And Gwynne's last appearance before his death, as the southern judge in MY COUSIN VINNY, I believe, deserved an Oscar nomination. Honest and funny and very different from, but as brilliant as, his earlier TV and movie work, it is a wonderful performance.

So the next time you consider Fred Gwynne and his contribution to the world of show business, go back and look at his Bilko stuff, and MY COUSIN VINNY.

That's the real Fred Gwynne.

November 17

My mother passed away six years ago today. The anniversary of her passing is just ten days after that of my father. Adds a little bristle to the late autumn chill.

She was a fighter. Challenged by heart and kidney disease for the last five years of her life, she shuttled and was shuttled to innumerable nurse practitioners and specialists and not-so-specialists and clinics and rehabs and hospitals and waiting rooms and nursing homes name it. Frustration found its way into her demeanor on occasion, but, for some reason, there was an overwhelming sense of hope in her heart that life was going to return to normalcy sometime, maybe soon, maybe later, but sometime.

She was fully prepared for such a final act--from pre-paid funeral to fully-covered life insurance policies to signing the house over to her kids. Except for the hideous bureaucracy one has to encounter when dealing with a sick elderly parent, our work was pretty simple when it came to letting her go, and moving on.

Sunday, November 15, 2009

The New New York

Haven't been to New York City for...oh, I don't know...maybe six years. And the last two or three times, I've visited exclusively to go to Yankee Stadium. So my return to midtown Manhattan over the past few days has been a long time in the making. A few observations:

There are more people. If that's possible. And very few of them look like they know where they're going. And usually, when they're at the point where they are the least aware of where they're going, they stop to take a picture. I guess just to make sure they remember forever that moment in time when they had no idea where they were going in Manhattan.

Forty-Second Street. Hear the beat. It's not the 42nd Street I remember from the mid-nineties. Most (not all) of the sleazy movie theatres are gone. Many more savory people crowd the sidewalks. There are a couple of active "Broadway" houses between Broadway and Eighth Avenue. One is for MARY POPPINS, the other for AFTER MISS JULIE. Couple of huge mainstream movie complexes. The biggest McDonald's marquee I've ever seen. And people. People everywhere.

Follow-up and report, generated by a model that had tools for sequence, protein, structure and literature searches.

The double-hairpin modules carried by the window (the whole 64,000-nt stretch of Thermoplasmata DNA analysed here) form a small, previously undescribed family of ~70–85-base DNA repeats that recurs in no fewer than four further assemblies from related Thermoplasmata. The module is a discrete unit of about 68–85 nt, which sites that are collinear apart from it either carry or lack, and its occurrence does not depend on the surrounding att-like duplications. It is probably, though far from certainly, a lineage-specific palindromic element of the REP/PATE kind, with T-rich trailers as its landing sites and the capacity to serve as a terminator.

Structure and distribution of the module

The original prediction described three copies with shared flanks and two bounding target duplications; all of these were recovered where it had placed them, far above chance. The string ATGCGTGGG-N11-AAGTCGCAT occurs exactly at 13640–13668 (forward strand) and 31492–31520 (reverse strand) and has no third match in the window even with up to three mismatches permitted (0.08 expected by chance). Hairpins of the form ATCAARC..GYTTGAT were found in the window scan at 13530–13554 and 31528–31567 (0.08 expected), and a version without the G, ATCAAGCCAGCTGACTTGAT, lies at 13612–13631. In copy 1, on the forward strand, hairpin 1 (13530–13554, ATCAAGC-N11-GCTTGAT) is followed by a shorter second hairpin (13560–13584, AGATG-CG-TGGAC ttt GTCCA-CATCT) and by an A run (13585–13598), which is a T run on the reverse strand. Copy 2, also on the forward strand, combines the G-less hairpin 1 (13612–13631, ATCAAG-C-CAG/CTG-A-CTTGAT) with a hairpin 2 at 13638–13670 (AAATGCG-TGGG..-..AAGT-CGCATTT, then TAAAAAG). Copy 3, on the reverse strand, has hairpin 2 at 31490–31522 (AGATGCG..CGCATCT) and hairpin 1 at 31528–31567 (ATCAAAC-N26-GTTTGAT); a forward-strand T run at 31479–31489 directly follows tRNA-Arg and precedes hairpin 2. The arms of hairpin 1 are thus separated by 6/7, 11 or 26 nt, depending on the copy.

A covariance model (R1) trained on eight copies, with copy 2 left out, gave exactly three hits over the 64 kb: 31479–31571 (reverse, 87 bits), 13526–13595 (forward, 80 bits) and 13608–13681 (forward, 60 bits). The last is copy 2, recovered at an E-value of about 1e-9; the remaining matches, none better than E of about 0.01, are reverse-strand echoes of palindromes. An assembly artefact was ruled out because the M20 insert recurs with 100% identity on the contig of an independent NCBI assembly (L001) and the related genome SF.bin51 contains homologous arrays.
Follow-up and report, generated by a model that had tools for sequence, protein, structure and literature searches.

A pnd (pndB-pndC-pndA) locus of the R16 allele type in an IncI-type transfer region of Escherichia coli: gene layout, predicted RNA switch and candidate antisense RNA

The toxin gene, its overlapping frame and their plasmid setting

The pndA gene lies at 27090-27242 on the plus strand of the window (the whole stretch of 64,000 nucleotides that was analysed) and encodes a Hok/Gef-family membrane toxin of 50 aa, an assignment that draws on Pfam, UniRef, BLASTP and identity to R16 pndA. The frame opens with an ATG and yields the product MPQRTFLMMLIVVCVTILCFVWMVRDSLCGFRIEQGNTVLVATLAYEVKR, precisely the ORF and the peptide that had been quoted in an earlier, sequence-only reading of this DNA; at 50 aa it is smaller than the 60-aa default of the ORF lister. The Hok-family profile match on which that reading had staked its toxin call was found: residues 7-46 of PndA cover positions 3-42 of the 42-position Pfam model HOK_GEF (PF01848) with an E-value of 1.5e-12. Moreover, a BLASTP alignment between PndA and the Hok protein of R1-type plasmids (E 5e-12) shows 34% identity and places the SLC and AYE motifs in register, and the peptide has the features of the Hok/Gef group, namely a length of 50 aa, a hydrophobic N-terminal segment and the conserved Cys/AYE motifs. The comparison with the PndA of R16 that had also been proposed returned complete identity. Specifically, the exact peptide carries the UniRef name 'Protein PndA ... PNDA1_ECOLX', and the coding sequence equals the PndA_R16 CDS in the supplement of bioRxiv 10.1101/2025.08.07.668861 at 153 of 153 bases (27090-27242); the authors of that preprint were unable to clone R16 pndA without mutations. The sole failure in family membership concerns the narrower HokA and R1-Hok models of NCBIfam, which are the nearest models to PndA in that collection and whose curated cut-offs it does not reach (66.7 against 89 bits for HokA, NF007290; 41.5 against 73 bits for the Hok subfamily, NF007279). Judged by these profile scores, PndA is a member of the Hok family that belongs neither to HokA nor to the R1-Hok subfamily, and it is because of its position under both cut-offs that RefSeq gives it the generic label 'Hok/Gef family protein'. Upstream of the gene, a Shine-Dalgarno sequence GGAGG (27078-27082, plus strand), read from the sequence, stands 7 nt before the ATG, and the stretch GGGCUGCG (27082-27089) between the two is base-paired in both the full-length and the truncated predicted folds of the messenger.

And, speaking of people, there appears to be a uniform for women between 18 and 40. Black everything. Coats and boots and blouses ans sweaters and...everything. And tights. Black tights. It's as if all these women got together for a meeting and decided this is what HAD TO BE WORN. And remember all those secretaries and executive assistants back in the 80's and 90's who left the office in sneakers? There are about four of them left. Doesn't seem to be the thing anymore.

And there's a portion of Times Square around the TIX...well, I was going to say "booth" but I don't think it's a booth anymore. The An area where, if you want, you can sit at a table in what used to be the middle of Broadway and watch the world go by without fear of getting sideswiped by a cab. Most of the people who don't know where they're going congregate here to take pictures. Times Square is an...I'm going to use the word I never use here because here it's an awesome sight to behold if you've never been there before. Especially when the sun goes down. And I promise I will not use that...word...again for a year, at least. But Times Square, for the awe-inspiring.

Most importantly, I was able to find two places where a human can go to the bathroom without getting berated or thrown out, one in the Lincoln Center area (Barnes and Noble--they put it on the 5th floor to make it tough to get to, but one can get to it) and the Equity Office on 46th and 7th. Of course, you need an Equity card to use this one, but I have one, so there. Finding usable bathrooms in midtown is an important thing if you don't have a hotel room.

Priorities, you know.

Anyway, it was nice to get back. I've always loved New York, especially midtown.

Wouldn't mind living there again.